New Brunswick economic recovery accelerates thanks to early containment of COVID-19

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The provinces that have had the most success in tackling the COVID-19 virus – like New Brunswick – are now reaping millions of dollars in benefits from this achievement, a series of economic data is revealing.On Tuesday, new figures released by Statistics Canada showed that while all provinces suffered a drop in retail sales in April and May compared to last year, it was hundreds of millions of dollars less severe in the provinces. regions with low infection rates and early transition to business. openings.

“Some of the numbers are really good,” New Brunswick Finance Minister Ernie Steeves said of the province’s speed of recovery.

According to the latest figures, retail sales for April and May in New Brunswick in 11 key unadjusted sectors totaled $ 1.94 billion. That’s a 16% drop. 100% over last year, but significantly better than the 25.3% drop. 100 nationally registered.

The difference represents $ 215 million in additional retail sales in New Brunswick compared to slower recovering provinces and the recoupment of millions of dollars in sales tax revenue and hundreds of retail jobs.

New Brunswick Finance Minister Ernie Steeves said the province was reaping the rewards in the fight against the COVID-19 pandemic. The number of cases in New Brunswick was the lowest among the 10 provinces and 50 US states. (CBC)

“We walked on it pretty early on and stopped things,” Steeves said. “It’s a tough remedy, but it gave us the flexibility to open up a little earlier than the others and it paid off. ”

Two weeks ago, Statistics Canada reported that New Brunswick had 350,400 people working in the province in June, 97.6 per cent. 100 of those who worked a year ago in June. This is the highest year-over-year job retention rate in Canada and well above the national average of 91.5%.

Record home sales

Additionally, last week, the Canadian Real Estate Association said its members’ New Brunswick home sales, which are not included in Statistics Canada’s retail survey, set a new record. monthly of $ 245.2 million in June. This involved the sale of 1,230 units, an increase of 25.4% from last June and nearly double the national increase.

“This (1,230 units) was also a new sales record for the month of June and the highest monthly level (in New Brunswick) in history,” said a statement from the association.

New Brunswick does not charge sales tax on home purchases unless the home is new. But it charges a 1% ownership transfer fee on sales, which generated a record $ 2.5 million for the month.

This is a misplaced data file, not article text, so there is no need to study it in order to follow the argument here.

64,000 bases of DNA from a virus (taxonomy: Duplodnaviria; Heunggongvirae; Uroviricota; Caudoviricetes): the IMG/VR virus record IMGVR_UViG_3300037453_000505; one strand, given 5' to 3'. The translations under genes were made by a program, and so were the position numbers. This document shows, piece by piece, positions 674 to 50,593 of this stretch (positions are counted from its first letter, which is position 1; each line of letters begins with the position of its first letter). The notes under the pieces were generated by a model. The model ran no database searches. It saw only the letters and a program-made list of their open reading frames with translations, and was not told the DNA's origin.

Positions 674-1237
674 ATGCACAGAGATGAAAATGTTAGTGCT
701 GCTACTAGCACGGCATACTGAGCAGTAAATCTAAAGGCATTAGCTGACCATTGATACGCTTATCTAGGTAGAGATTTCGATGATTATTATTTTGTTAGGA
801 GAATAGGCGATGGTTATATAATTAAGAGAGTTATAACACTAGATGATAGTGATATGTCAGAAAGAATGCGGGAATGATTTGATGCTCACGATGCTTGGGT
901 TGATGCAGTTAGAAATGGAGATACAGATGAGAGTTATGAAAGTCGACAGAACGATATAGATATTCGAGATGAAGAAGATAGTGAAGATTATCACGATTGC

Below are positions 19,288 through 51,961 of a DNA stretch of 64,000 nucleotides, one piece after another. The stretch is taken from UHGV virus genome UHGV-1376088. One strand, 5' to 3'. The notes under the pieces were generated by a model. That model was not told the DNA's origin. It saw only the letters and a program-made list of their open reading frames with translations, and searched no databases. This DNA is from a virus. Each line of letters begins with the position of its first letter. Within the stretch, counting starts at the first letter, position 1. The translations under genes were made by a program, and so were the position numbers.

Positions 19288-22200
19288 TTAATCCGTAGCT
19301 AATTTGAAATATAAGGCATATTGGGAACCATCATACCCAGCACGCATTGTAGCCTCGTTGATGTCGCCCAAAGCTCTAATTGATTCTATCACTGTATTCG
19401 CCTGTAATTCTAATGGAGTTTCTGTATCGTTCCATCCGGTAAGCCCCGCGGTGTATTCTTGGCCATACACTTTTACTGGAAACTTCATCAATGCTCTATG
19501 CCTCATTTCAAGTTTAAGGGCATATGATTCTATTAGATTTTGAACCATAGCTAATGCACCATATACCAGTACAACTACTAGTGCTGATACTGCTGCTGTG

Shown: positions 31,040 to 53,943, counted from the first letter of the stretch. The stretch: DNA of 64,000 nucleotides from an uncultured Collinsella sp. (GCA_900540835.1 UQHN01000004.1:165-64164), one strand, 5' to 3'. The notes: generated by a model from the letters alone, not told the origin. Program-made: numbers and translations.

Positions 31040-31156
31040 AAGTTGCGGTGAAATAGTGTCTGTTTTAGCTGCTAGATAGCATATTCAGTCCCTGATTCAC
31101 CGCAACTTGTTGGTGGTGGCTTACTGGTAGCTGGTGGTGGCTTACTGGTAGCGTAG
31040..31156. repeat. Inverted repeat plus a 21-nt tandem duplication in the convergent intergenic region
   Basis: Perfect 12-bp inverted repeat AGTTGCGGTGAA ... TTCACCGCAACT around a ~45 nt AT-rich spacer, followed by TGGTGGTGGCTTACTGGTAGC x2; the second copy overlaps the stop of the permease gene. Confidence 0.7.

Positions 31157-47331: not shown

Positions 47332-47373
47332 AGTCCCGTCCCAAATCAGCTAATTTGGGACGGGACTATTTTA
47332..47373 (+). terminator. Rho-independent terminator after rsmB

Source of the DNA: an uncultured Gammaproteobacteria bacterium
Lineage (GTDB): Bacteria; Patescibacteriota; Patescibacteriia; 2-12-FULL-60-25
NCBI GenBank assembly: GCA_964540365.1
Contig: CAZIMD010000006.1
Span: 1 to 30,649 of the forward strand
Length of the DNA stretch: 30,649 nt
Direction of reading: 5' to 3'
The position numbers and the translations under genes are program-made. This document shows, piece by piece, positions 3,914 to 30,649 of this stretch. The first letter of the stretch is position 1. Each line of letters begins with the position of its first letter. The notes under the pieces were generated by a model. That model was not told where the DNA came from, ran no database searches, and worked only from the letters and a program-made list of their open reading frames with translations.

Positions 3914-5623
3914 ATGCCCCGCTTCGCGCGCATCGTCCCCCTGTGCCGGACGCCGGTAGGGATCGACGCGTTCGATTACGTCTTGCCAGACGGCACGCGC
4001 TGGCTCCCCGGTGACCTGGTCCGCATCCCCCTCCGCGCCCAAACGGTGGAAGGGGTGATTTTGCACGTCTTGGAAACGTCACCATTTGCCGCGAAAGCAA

“Every income bracket matters,” Steeves said.

Lockdown mid-March

The accelerated return to economic activity in New Brunswick is a tangible benefit to the province’s success in controlling the spread of COVID-19. This allowed businesses to open earlier and economic activity to move closer to normal more quickly.

The New Brunswick government closed all schools in the province on March 13, two days after the province recorded its first case of COVID-19. A full state of emergency that forced most businesses to shut was declared six days later and within a week, borders with neighboring provinces and Maine were also closed to all travelers except essential travelers.

New Brunswick auto dealers sold $ 304 million worth of new vehicles in April and May, more than neighboring Nova Scotia for the first time in more than 19 years. (Roger Cosman / CBC)

New Brunswick has consistently had one of the lowest COVID-19 infection rates in the world and the lowest of any Canadian province and U.S. state since.

As of Tuesday, New Brunswick had recorded just 170 infections, a rate of 22 per 100,000 population. This is 93 percent lower than the Canadian average (295 infections per 100,000) and 98 percent higher than the average infection rate in the United States (1,158 per 100,000).

New Brunswick garden centers and hardware stores both set sales records this spring. The two combined for a turnover of $ 184 million in April and May, up 29% from last year. (Roger Cosman / CBC)

In mid-April, the province slowly began to reopen its economy, starting with garden centers. By the end of May, most companies had been licensed to operate in New Brunswick, but with restrictions pending.

Steeves is hopeful that the number of cases will remain low and that the recovery will continue.

“It’s hard to know exactly where you are going,” he says. “We are in uncharted territory with this every day. But we are planning the best we can to overcome. “

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